It’s okay to say “Rules is rules”.
Recently, I was recommended to read a new e-book on English grammar:
Accidence will Happen: the non-pedantic guide to English usage, Oliver Kamm, Feb. 2015 (e-book)
Here are my thoughts on this book.
Oliver Kamm is a regular contributor on English usage to The Times newspaper. He writes a column called Pedant which, as it turns out is exactly what he’s not, or so he claims.
I’ve read his book, twice, and first time round he made me mad. Second time round, not so mad.
He claims that many English grammar pedants (he calls them “sticklers”) don’t have a leg to stand on when pronouncing judgement on the construction of some English word, phrase or sentence. He says there is no definitive book on the rules of English grammar; no authoritative body set up to maintain the rules; no historical reasons why certain rules should be upheld. He sanctions split infinitives; sentences that start and end with conjunctions and prepositions; claims “I can’t get no satisfaction” is acceptable simply because the meaning is clear; and that evidence of use by famous authors always supersedes what the rule books say.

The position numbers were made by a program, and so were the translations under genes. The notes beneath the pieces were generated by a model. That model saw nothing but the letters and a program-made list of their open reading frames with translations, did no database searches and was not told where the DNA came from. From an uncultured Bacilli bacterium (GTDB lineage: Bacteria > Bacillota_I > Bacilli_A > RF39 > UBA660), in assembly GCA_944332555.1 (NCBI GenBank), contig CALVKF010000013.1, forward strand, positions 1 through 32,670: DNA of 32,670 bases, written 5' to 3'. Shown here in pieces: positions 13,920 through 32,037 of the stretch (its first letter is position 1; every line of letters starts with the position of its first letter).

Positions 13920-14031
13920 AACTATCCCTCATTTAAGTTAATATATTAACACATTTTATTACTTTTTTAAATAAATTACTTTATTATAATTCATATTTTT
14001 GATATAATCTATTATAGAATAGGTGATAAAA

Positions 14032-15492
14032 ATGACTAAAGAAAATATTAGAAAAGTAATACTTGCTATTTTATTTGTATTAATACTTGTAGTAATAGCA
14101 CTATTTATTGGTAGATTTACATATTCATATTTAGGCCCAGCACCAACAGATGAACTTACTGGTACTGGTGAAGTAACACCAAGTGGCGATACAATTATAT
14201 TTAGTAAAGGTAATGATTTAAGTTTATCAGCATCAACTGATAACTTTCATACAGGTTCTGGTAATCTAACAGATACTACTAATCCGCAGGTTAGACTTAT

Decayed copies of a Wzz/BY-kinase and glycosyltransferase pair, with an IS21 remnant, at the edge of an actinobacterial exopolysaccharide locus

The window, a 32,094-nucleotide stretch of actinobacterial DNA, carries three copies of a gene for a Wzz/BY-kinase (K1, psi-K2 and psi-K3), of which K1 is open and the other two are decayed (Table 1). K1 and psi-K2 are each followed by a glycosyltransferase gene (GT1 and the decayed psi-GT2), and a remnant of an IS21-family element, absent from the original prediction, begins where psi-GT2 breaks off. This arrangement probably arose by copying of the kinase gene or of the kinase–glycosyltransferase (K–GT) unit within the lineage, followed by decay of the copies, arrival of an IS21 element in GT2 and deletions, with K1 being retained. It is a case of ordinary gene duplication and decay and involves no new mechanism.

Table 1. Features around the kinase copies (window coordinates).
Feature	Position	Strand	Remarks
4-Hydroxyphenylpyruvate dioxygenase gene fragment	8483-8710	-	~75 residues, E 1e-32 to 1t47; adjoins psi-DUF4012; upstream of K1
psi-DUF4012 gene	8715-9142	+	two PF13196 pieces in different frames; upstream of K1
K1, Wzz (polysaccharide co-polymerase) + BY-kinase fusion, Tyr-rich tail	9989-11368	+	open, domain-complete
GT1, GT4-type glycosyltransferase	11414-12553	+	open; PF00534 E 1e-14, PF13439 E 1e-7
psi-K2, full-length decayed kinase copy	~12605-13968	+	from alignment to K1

Is he right? Yes, to a certain extent. There are no definitive books on the rules of English grammar. There is a whole bunch of opinions and judgements however, many published in reputable style and guide books and many revered as gospel and quoted chapter and verse by self-proclaimed pedants. I have some of these books on my bookshelf: books by Fowler, Partridge, Gowers and Fraser, Heffer, Parrish, Strunk and White, Truss, and so on. Plus there are many websites where one can go for grammatical guidance: Grammar Girl, The Blue Book, Oxford Dictionary, Grumpy Grammarian, and so on. Like Kamm, I have found inconsistencies across this spectrum of books and websites and like Kamm, I break the rules when it suits my style. I boldly split infinitives. And I start sentences with conjunctions plus I don’t believe that a preposition is a word that you can’t end a sentence with. But, I draw the line at saying “Bill and me went to the shops”. I have come to the conclusion that, in the end, how you write is a matter of style coupled with tone – how you want the words to come across to the reader – formal, informal, colloquial, with a twang, with a dialectal resonance. (Kamm calls this matter of style the register of the prose.)